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TBT: Fine Art and Free Drinks

This post makes me nostalgic for the Before Times. I think we can all agree, at this point, that there are no good virtual substitutes for going to a show or drinking with friends. Virtual museum tours and Zoom happy hours are the instant Nescafé of fun. It's still enjoyable to listen to recorded music, watch movies, and read books at home, but there are some activities that I'll wait to resume when it's worth it--when humans and artworks can mingle in meatspace again.

Way, way back in the day, not just before the pandemic but even more so before parenthood, my husband and I reveled in real-life experiences of art. We went to gallery openings and closings to encounter sculptures and paintings the good old-fashioned way. We interacted with art, walked around it, caught it from different angles, smelled it, touched it when appropriate, heard the way our footsteps echoed in the space, chatted with others about it face-to-face, and stood in awe of the mind-blowing difference between seeing a high-quality reproduction of a piece printed on paper and witnessing it directly with our bare eyeballs. It's like standing beneath a rainbow vs. seeing a picture of one on Instagram--not the same thing at all.

When you physically go to a live exhibit or performance, as the audience, you become part of the experience for everyone else there. You feed into the interpretation and the vibe while you absorb energies from everyone else there, in an organic feedback loop. Back when my husband and I were quirky young punks, we experienced art in so many different moods. Sometimes we were drunk jackasses blowing off steam and engaging in theatrical humor. Sometimes we went quietly, with reverent curiosity. Sometimes we got sentimental and sloppy and dramatic. And it was always moving, exciting, and mind-and-mood-altering. Experiencing art firsthand, among lots of other people who are sharing the alchemical mix of human responses, cannot be replicated remotely.

So until humanity achieves victory over COVID-19, I'll look forward to savoring firsthand experiences of art and absurdity in the future and reminisce about past experiences like those in the post below.

Fine Art and Free Drinks

Enjoy a stimulating night on the town with artists and intellectuals. Drink wine and eat fancy hors d'oeuvres... for free! Art show opening and closing receptions make perfect dates or girls' nights out, for the lady with low funds and high tastes. Anyone can attend. Check out the listings in your local newspaper for gallery events.


Last night, we went to the opening show for the work of our friends Lisa Truax and Ben Clore at the Lansing Art Gallery. We drank wine, munched on roasted red pepper hummus and lemon cookies with strawberries, and discussed the artworks with their creators and other viewers. Reflecting on abstract art and learning about the process of creation is a nice escape from the mundane worries of everyday life. It can be relaxing, exciting, thought-provoking, transcendental... or just a fun excuse to get out of the house.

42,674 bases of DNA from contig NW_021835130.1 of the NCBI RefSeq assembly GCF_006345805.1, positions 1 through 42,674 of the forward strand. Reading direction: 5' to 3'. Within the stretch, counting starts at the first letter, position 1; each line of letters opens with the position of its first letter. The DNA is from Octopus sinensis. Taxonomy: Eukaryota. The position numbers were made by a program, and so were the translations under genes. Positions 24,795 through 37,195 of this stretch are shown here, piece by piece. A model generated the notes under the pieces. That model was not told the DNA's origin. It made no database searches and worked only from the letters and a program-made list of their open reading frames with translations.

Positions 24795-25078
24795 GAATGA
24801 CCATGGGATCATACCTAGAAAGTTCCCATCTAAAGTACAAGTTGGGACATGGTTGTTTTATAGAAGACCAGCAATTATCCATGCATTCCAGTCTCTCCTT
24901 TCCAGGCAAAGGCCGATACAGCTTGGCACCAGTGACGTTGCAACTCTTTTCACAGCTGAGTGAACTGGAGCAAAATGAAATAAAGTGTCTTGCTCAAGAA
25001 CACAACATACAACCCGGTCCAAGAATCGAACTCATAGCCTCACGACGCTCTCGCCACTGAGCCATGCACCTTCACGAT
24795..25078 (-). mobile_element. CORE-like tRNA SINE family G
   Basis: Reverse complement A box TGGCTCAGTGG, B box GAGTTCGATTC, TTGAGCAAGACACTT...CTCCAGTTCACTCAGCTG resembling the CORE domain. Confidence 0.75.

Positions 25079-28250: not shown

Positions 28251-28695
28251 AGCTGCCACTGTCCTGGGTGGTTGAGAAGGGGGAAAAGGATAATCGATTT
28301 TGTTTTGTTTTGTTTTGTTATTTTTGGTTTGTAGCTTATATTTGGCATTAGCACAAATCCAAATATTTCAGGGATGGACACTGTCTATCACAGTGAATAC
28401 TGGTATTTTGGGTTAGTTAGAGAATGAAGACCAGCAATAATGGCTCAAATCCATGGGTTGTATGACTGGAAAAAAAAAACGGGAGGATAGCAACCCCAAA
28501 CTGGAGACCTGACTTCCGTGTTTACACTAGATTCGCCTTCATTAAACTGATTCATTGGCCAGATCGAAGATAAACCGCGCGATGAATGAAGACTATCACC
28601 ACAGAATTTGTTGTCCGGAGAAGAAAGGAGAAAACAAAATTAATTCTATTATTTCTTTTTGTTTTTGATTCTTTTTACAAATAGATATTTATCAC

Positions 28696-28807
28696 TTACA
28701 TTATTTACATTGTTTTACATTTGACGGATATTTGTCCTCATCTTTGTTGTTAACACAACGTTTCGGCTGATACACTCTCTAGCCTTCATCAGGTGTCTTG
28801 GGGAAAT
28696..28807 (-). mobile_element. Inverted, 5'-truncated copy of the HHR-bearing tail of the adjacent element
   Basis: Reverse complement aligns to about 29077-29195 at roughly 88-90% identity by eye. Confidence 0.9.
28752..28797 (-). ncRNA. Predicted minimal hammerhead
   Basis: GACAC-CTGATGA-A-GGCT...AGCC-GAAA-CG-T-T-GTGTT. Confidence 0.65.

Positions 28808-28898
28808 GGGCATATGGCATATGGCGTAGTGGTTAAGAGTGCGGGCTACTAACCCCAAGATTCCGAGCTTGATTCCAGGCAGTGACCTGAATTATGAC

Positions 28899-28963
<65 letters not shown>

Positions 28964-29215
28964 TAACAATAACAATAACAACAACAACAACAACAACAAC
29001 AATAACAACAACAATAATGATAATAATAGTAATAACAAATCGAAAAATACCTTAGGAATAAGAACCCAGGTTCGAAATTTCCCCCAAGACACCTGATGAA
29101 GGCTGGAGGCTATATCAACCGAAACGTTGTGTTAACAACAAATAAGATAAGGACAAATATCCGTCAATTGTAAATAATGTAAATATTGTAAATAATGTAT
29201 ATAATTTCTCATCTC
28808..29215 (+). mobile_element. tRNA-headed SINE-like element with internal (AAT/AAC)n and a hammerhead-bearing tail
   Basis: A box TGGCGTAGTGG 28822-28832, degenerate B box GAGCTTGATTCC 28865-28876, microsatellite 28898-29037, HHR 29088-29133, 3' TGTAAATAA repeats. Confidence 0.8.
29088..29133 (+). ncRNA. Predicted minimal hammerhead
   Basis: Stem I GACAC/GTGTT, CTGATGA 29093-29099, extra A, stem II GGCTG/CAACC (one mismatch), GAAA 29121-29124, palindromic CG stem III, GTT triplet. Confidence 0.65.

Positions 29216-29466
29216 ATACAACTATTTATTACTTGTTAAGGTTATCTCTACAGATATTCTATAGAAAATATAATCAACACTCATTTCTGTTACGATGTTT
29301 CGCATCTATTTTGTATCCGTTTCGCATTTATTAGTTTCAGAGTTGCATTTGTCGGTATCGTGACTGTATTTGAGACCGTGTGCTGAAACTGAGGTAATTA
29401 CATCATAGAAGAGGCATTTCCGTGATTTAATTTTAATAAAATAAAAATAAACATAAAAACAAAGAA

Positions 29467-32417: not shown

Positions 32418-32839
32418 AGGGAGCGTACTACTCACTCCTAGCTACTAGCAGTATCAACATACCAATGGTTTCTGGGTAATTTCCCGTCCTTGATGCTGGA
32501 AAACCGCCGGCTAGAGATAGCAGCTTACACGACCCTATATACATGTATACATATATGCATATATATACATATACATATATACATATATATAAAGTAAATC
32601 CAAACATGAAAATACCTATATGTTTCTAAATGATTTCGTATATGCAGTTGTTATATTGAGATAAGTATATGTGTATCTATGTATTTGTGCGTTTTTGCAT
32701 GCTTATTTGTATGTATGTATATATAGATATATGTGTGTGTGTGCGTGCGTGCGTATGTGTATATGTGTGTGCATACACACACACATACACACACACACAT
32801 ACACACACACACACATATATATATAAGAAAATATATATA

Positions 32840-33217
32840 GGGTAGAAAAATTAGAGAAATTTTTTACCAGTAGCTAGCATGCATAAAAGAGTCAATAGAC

Dressing up for these events is half of the fun. Sadly, my camera is broken, and I have no photos of last night's reception. But let me tell you. My husband appreciates the finer things, and he mainly goes to these shindigs for the lady-watching. Our artistic friends are sharp dressers. Lisa shimmered in a pleated mini-dress that looked like a Chinese watercolor painting, from Neiman Marcus Last Call Clearance Center. ($40 for a $300 dress. Score!) I wore a floaty silk wrap skirt ($4 from a clearance rack at the mall) with a chocolate brown satin halter top ($6 on sale) and thrift shop high-heeled sandals. My husband wore a polo shirt, shorts, and flip-flops that showed off his silver-and-pink pedicure. Magnifique!

Artsy folks are the most fun to hang out with. My husband was raised by theater people and, well, it shows. Most creative types have a great sense of humor and spontaneity. Last fall, we attended one of the openings at Kresge dressed in our Halloween costumes. The artists dressed up in funny costumes as well. Oh, and did I mention there was free booze? Always. My dear husband reenacted the Britney Spears meltdown of 2008, and I appeared in the guise of another great artist of our time, Amy Winehouse.

Ah, the glamor of the starving artist lifestyle! If you can't get enough of it, whip out your student ID (or find yourself a student friend) and get some discount tickets to a performance of La Boheme (one of my favorites)! Here we are dressed up to see La Boheme at the Wharton Center on MSU's campus, spring 2007, when I still had a graduate student ID.


We scored student tickets at $15 a pop and sat in some of the best seats, right near the orchestra, beside an older couple who had lived in France and seen this opera eight times. The performance at the Wharton Center was so excellent, our neighbor said it was one of the best he had ever seen. I cried my mascara all over my face during "Mi chiamano Mimi" in the first act.

No need to wait until someday in the future, when you have money, to cultivate an appreciation for the arts. High art has always existed in the domain of the poor and fabulous.

Come vivo? Vivo!

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